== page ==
By Engen Tham and Lawrence White
SHANGHAI/HONG KONG (Reuters) - Bankers at China's top state lenders are quitting in increasing numbers because of cuts to their pay and perks, and moving to a new breed of financial firms such as leasing companies, trusts and online platforms, bankers and headhunters say.
As part of an austerity, anti-graft drive, Beijing last year dictated pay cuts of up to a half for senior-level state bankers. Some state-owned lenders have since quietly cut salaries across the board.
The declining popularity of bank jobs could make it difficult for state lenders to hire and retain talent, making them less able to compete with newer lending institutions.
"In the past we wouldn't see CVs from the state sector, but now we do," said Maggy Fang, managing director of executive compensation Asia Pacific at Towers Watson, a professional services company, noting that most of these resumes are from mid-level, thirtysomething bankers.
And they are good news for the newer finance firms.
"If an applicant is from one of the big five (state banks), they will have good training and are likely to have experience of trading systems and customer credit," Zhao Shen, deputy general manager of the risk management department at the leasing arm of shipbuilder China CSSC Holdings <600150.SS>, told Reuters, adding his firm has hired from banks and plans to hire more. "We can guarantee we'll pay them more."
At Shanghai Pudong Development Bank Co Ltd <600000.SS> (SPDB), one of China's top-10 listed banks, a broad 10-20 percent pay cut at headquarters this year triggered a rush for the exit and better-paid positions elsewhere, said two bankers still at SPDB.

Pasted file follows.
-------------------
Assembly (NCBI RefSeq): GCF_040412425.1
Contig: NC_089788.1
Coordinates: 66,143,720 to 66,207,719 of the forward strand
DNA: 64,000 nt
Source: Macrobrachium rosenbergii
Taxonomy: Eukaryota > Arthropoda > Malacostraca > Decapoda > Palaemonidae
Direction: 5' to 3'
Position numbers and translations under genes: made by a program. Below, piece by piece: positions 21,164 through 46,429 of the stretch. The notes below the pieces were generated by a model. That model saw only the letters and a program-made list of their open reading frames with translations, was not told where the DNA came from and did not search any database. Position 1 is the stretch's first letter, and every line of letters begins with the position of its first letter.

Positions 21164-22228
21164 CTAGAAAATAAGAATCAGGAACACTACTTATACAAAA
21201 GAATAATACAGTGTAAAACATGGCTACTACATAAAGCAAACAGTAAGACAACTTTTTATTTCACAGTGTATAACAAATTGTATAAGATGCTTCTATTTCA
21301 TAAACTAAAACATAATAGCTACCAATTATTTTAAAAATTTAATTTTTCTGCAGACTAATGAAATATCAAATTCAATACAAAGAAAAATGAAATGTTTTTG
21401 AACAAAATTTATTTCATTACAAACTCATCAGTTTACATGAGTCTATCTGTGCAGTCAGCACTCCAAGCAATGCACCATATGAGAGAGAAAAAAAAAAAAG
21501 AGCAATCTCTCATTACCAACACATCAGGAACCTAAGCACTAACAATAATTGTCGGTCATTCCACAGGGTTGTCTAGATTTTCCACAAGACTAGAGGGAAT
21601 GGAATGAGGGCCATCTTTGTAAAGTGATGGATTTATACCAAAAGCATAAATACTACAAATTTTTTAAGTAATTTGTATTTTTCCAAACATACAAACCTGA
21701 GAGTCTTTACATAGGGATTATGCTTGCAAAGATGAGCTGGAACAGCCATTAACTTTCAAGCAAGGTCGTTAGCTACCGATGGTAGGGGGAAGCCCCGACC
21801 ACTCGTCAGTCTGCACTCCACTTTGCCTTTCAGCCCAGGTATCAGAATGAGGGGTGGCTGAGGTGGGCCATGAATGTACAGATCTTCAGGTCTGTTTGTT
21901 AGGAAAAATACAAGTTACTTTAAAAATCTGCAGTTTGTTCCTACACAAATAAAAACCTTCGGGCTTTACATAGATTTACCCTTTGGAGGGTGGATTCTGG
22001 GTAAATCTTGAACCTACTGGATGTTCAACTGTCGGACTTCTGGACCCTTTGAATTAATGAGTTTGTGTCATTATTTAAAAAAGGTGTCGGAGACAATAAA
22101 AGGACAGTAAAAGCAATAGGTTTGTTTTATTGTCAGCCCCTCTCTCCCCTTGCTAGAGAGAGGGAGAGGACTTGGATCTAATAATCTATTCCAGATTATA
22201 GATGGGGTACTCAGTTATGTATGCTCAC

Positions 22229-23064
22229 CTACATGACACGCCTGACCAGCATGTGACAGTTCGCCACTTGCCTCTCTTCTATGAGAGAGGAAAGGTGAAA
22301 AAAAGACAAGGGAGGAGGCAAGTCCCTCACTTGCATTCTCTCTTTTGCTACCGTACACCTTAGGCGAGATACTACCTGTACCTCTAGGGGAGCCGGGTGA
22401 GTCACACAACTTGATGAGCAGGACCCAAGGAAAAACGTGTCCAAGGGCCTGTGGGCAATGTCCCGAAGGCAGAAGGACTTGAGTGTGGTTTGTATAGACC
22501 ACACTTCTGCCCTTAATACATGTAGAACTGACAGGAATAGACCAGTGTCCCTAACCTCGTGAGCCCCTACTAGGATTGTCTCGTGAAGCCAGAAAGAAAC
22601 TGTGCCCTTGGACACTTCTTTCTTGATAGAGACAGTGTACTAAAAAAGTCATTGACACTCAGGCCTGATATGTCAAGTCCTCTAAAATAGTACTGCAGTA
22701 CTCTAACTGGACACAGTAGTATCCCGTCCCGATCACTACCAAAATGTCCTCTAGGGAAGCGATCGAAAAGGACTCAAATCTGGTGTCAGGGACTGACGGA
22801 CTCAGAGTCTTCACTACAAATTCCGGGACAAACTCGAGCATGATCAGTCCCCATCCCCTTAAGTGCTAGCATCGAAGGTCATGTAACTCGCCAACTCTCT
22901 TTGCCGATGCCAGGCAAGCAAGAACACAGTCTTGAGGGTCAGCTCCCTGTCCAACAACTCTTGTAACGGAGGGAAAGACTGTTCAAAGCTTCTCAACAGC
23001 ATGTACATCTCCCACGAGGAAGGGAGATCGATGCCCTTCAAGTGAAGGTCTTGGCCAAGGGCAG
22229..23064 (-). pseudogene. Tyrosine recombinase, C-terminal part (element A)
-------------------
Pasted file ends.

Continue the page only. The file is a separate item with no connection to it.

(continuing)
"You only find out someone's left when you don't get an email reply," said a junior banker who plans to quit once he has found somewhere to go. The bankers didn't want to be named for fear of losing their jobs.
They said most teams at SPDB had been impacted, with fixed income and the foreign currency trading desk at head office the hardest hit, both losing four employees this year, taking their numbers down to around 20 and 46 respectively.
A spokesman for SPDB said there had been no change in policy, and salaries had increased as well as fallen. He declined to detail banker departures.
Fifth-ranked Bank of Communications Co Ltd <601328.SS> (3328.HK) said in January it would link larger portions of pay to performance, prompting "many" to leave, bank employees said.
Working at a big state lender has traditionally been seen as highly prestigious and, for some, a stepping stone to a political career. But the newer finance firms are proving attractive rivals.
A mid-level banker at a state-owned lender can typically earn 600,000-800,000 yuan a year (approx. $97,000-$129,000), according to Tower Watson estimates, though bankers said the range on average was lower. Staff get 5 days annual leave.
In contrast, online finance platforms, trust firms and leasing companies offer more than double those salaries, longer holidays and fewer travel curbs; staff at state banks have to hand in their passports and request approval to travel abroad, which can take up to a month. Even senior bankers at Bank of China Ltd (BoC) <601988.SS> (3988.HK), for example, may only travel abroad once a year on business, two bank employees said.
PROMOTION? NO THANKS
President Xi Jinping's clampdown on graft and extravagance has also eaten away at traditional perks at state banks.
"Before, over Chinese New Year, we used to get coupons for food, fruit or money, but now there's almost nothing," said a BoC branch banker, adding that team outings to Hainan Island, a popular holiday destination, have been replaced by away-days to cheaper destinations.
"Now we go somewhere within an hour's drive," the banker said. Bank of China could not be reached for comment.
Some of the top-level pay cuts mean that senior branch employees can now earn more than those at group headquarters, and that has led some at branch level to turn down promotion to more senior, but lower-paid roles, said Tower Watson's Fang, disrupting the flow of talent.
(Editing by Ian Geoghegan)